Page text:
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What is Nuclear Energy?

By: Maggie Wakefield - Updated: 24 Aug 2012 | comments*Discuss
 
What Is Nuclear Energy?

Of all the different energy sources that we employ to keep the world supplied with the electricity, nuclear energy is the most controversial. In the 1930s, splitting the atom was regarded as a tremendous scientific breakthough, but since then the energy that this unleashed – nuclear power – has had a chequered history.

Its associations with nuclear warfare, combined more recently with a few potentially disastrous radioactive leaks from nuclear reactors, have brought it bad press, and there are pressure groups who believe the dangers of using nuclear power outweigh the advantages. But we need to find alternatives to fossil fuels in order to combat climate change, and nuclear energy is one solution to this problem. Nuclear power stations produce no carbon dioxide emissions, because no combustion is involved.

Production of electricity is the only practical use of nuclear energy in the context of daily life. But whilst nuclear energy is limited in its applications, it is nonetheless important; nuclear power currently produces more than a tenth of all the electricity consumed around the world.

The Growth of the Nuclear Industry

Around the turn of the 20th century, scientists were fascinated by the notion of vast amounts of energy contained within one tiny atom, and experimental work on what was popularly termed ‘splitting the atom’ was being carried out independently in several countries. The atom was split in the UK in 1932, by scientists John Cockcroft and ETS Walton, and this was followed by further experiments on atom transformation.

Uranium was identified as a suitable element on which to conduct trials, and by 1935 scientists had carried out experiments from which they learned a great deal about radioactivity and chain reactions. By 1940 a theory of nuclear fission had been put forward, and by the time World War II began, scientific knowledge was sufficiently advanced to realise the possibilities of the atomic bomb. This was the beginning of the nuclear arms race, and during the decades that followed, nuclear power continued to be inextricably linked with warfare, with the result that public reaction to this newly-developed source of energy was very mixed.

Research into peaceful applications of nuclear power was being carried out alongside work on nuclear weapons. Electricity was first produced experimentally from nuclear power in America in December 1951, and was being produced commercially before the end of that decade. The world’s first industrial-scale nuclear reactor was completed in 1956 in the UK, at Calder Hall, in Cumbria. It had a dual purpose: to make plutonium, as part of the nuclear weapons programme, and to generate electricity which, it was claimed, would be ‘too cheap to meter’. Unfortunately this optimistic prediction did not come true; however, nuclear power stations are no more expensive to operate than fossil-fuelled ones.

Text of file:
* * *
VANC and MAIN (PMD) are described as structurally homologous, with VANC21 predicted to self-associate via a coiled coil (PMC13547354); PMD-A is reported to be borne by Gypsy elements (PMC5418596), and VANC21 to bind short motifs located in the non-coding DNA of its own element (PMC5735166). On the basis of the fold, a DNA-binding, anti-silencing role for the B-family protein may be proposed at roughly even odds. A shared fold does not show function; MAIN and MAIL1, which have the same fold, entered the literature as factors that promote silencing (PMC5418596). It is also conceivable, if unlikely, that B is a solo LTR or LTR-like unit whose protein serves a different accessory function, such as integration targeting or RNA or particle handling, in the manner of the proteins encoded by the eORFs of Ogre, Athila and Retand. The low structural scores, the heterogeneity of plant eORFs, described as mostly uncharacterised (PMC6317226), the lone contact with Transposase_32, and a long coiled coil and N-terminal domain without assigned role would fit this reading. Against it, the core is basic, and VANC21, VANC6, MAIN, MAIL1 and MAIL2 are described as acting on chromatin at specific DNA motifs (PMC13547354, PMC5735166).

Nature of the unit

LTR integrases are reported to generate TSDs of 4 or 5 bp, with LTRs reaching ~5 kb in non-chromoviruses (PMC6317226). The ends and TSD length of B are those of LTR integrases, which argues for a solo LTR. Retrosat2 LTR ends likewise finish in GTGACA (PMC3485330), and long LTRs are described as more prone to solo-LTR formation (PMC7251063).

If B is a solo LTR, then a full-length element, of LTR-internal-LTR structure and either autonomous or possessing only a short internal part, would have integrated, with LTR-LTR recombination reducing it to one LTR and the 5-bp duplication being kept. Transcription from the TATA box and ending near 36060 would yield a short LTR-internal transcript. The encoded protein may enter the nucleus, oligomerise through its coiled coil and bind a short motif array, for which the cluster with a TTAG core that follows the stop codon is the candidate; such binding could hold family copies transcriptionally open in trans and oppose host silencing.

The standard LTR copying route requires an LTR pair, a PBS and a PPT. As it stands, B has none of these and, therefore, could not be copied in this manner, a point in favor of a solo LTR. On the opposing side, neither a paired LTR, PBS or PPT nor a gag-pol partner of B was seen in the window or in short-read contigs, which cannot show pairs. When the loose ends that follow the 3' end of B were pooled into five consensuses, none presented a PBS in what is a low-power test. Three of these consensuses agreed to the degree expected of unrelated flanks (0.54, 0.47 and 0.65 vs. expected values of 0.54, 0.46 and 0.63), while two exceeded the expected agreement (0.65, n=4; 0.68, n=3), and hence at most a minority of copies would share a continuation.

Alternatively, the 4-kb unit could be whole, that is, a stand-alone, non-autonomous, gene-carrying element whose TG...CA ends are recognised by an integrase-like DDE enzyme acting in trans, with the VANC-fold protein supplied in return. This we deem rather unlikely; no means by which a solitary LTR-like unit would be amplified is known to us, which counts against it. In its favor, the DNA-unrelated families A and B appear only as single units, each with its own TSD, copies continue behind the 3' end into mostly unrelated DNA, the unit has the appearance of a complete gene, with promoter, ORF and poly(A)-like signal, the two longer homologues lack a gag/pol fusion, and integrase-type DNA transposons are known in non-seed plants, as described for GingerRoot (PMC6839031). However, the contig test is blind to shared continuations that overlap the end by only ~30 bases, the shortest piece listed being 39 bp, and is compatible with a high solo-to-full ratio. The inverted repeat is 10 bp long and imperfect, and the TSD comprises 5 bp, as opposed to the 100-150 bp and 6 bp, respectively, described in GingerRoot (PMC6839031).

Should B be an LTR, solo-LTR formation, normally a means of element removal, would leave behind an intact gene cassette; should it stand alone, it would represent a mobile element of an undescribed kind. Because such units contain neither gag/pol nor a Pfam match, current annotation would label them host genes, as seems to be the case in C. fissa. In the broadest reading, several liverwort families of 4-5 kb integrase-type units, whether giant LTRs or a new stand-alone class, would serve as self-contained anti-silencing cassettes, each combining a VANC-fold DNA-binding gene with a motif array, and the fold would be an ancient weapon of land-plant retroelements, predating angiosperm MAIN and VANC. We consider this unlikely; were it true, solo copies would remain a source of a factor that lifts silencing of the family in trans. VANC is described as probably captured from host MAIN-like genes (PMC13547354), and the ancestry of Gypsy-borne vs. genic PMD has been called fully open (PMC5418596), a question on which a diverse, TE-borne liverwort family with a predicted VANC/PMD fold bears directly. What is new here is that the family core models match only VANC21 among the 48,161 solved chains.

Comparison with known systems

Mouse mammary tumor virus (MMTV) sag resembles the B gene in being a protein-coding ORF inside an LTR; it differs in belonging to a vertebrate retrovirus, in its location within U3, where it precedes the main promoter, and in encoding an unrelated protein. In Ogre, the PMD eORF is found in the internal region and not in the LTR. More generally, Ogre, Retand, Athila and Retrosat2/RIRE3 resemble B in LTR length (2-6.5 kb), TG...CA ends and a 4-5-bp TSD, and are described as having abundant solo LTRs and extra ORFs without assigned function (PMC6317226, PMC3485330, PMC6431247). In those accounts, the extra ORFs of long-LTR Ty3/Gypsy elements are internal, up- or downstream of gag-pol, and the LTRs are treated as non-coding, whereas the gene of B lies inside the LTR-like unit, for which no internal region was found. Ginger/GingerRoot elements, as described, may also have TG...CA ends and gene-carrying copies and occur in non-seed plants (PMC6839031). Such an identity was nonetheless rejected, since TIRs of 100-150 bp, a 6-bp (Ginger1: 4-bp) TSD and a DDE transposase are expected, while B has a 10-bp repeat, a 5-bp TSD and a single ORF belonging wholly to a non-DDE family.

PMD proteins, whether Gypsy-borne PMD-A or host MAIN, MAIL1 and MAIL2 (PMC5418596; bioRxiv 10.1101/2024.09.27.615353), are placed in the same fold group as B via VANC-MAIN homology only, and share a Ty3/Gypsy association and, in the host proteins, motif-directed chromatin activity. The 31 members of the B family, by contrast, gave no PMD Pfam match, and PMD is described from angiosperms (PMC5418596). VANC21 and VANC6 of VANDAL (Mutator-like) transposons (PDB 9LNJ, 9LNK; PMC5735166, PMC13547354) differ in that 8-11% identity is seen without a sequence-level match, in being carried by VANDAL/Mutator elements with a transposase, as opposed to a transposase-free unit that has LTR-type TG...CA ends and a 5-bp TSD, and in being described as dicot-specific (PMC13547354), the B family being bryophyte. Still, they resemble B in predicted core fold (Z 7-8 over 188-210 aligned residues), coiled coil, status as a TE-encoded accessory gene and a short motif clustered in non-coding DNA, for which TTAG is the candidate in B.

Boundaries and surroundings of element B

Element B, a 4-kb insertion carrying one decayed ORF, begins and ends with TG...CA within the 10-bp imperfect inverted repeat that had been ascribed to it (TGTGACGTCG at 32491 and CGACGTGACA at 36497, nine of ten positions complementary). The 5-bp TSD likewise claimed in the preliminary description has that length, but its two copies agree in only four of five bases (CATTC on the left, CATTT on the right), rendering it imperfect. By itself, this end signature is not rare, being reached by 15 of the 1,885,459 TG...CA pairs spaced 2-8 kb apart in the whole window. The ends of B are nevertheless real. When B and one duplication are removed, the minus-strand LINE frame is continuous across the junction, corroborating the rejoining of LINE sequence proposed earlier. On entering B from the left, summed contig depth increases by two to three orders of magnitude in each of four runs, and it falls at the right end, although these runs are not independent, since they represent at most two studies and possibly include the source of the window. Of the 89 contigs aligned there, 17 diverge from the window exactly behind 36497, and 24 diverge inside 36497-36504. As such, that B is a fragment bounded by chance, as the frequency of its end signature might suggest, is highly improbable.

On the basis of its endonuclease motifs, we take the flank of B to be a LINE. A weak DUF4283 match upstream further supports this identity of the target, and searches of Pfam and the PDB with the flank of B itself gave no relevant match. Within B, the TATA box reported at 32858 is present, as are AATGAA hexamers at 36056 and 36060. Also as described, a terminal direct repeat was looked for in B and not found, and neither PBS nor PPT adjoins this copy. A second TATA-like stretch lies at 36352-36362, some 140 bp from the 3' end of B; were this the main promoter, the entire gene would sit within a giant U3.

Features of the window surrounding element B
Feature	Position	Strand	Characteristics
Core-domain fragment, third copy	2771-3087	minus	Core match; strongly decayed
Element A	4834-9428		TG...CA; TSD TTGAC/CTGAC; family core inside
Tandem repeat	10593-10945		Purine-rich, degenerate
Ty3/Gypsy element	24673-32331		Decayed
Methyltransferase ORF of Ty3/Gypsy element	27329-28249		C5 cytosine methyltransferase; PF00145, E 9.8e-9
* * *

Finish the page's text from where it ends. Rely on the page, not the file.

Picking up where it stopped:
Nuclear Fission and Nuclear Fusion

There are two ways of obtaining nuclear energy: by fission or by fusion. To date, electricity has been produced using energy from nuclear fission – releasing atomic energy by splitting the nucleus. Nuclear fusion is a process that takes place naturally in space; the energy of stars, including our sun, derives from nuclear fusion. Up to now, we have found it almost impossible to replicate this process because of the huge amounts of energy involved; the only way man has been able to generate nuclear fusion has been inside the hydrogen bomb. However, researchers now believe they may have developed a way of using controlled nuclear fusion to produce electricity, and if so, this may become the preferred method in the future.

The Future of Nuclear Power

Nuclear energy is a powerful force. Attempts have been made to find other constructive ways of harnessing it; possibilities that were identified included use as a fuel for space travel, and as an explosive device for blasting during major civil engineering works. Research into these and other possible uses was carried out during the second half of the 20th century, and trials into earth-moving by nuclear power were carried out in several countries. But concerns for public safety resulted in international agreement to call a halt to any further significant nuclear testing. However, a number of highly innovative applications of nuclear technology, for instance in medicine, have been developed.

It is likely that future research will concentrate on this type of highly specialist application, and on finding safer and more efficient ways of generating electricity and disposing of nuclear waste. Many countries, including the UK, have recently affirmed their intention to continue their use of nuclear energy for electricity generation, and although this decision has been condemned by anti-nuclear pressure groups, all the indications are that nuclear power will continue to be an important source of energy for us for a long time to come.

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